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State Budget Turmoil Good News For Cons, Bad News For Everyone Else…

August 27th, 2009 Michael McDonough

I was recently passed an article published in USA Today, which discussed some of the challenges states are facing due to dwindling state coffers.  Several states, including even New York, have decided to close down correctional facilities and reduce staff to ward off the budget shortfalls.  My first thought was that the prisoners impacted would be concentrated at other facilities that would remain open.  But, that is not always the case.  Some prisoners are receiving early release and/or being placed under house arrest, but since I reserve this site for economic and financial analysis, I will skip the social commentary.  From an economic stance, this news translates into more bad news for jobs in the already battered regions and the possibility for higher crime rates.  For example, closure plans in Michigan will cost the state 1,000 jobs, with one of the facilities being the county’s biggest employer.

Typically, prisons aren’t built on Park Avenue, they are often constructed in out-of-the-way remote vestiges of the state, where jobs can be scarce.  What the facility provides is lucrative and stable employment for residents, in addition to providing a means for their town’s to blossom.  But, with growing budget woes these towns, not just individuals, are in danger of financial collapse.  The article highlights several such towns that include Standish, Michigan and Franklin, New York.  Michigan, which has been especially hard hit by the current crisis, already has an unemployment rate well above the national average at 15.6%.  According to the BLS there are roughly 500K correctional officers working in the US, with an average annual income of around US$40K.  Job losses in this sector alone won’t make a significant impact on the national level, but similar situations in additional sectors aggregated together continue to adversely impact any would-be recovery in the labor market.  You need to understand the pieces before you can comprehend the whole picture.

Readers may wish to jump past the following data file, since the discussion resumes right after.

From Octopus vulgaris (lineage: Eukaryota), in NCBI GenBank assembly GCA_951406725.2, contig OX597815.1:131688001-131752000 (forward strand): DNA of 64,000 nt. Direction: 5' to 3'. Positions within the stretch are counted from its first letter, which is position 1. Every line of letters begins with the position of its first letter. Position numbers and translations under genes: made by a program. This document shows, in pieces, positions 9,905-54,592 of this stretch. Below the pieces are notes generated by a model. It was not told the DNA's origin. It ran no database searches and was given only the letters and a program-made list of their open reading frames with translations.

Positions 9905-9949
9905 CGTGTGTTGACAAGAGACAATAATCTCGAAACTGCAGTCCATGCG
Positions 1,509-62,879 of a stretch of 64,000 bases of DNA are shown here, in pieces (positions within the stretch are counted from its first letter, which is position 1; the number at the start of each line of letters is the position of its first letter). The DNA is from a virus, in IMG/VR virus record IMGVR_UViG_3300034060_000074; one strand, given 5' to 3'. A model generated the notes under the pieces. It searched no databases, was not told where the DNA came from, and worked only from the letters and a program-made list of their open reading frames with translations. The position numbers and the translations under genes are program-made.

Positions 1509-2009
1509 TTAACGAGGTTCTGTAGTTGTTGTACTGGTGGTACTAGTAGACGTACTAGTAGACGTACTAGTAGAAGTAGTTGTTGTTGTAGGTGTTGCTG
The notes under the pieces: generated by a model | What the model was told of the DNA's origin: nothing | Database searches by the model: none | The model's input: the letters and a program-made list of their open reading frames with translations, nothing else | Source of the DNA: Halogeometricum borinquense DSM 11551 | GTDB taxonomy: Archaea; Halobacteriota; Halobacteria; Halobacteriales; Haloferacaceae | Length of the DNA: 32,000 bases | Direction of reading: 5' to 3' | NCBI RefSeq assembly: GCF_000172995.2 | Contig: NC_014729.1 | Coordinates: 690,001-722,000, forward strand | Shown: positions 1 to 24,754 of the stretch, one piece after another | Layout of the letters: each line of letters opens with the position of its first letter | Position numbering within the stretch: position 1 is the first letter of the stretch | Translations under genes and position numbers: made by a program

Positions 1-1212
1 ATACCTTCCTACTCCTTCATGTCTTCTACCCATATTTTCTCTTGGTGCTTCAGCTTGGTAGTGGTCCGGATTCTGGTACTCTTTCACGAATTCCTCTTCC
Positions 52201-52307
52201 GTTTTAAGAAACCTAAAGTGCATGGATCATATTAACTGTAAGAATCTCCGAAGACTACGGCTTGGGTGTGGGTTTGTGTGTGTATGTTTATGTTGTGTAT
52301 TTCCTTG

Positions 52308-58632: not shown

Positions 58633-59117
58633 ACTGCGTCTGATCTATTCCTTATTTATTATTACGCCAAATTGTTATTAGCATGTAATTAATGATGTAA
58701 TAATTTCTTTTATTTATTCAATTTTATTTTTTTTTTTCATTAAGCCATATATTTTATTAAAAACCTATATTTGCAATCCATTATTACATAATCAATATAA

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  1. August 27th, 2009 at 19:02 | #1

    I found your site on Google and read a few of your other entires. Nice Stuff. I’m looking forward to reading more from you.

  2. Marco
    August 28th, 2009 at 12:05 | #2

    Actually, the vast majority of people in prison are nothing more than victims of the Drug War. Reducing the prison population (and closing prisons) is great for taxpayers who can now save between $50,000 and $100,000 for each prisoner who’s released. Closing prisons and releasing prisoners is a big win for society.

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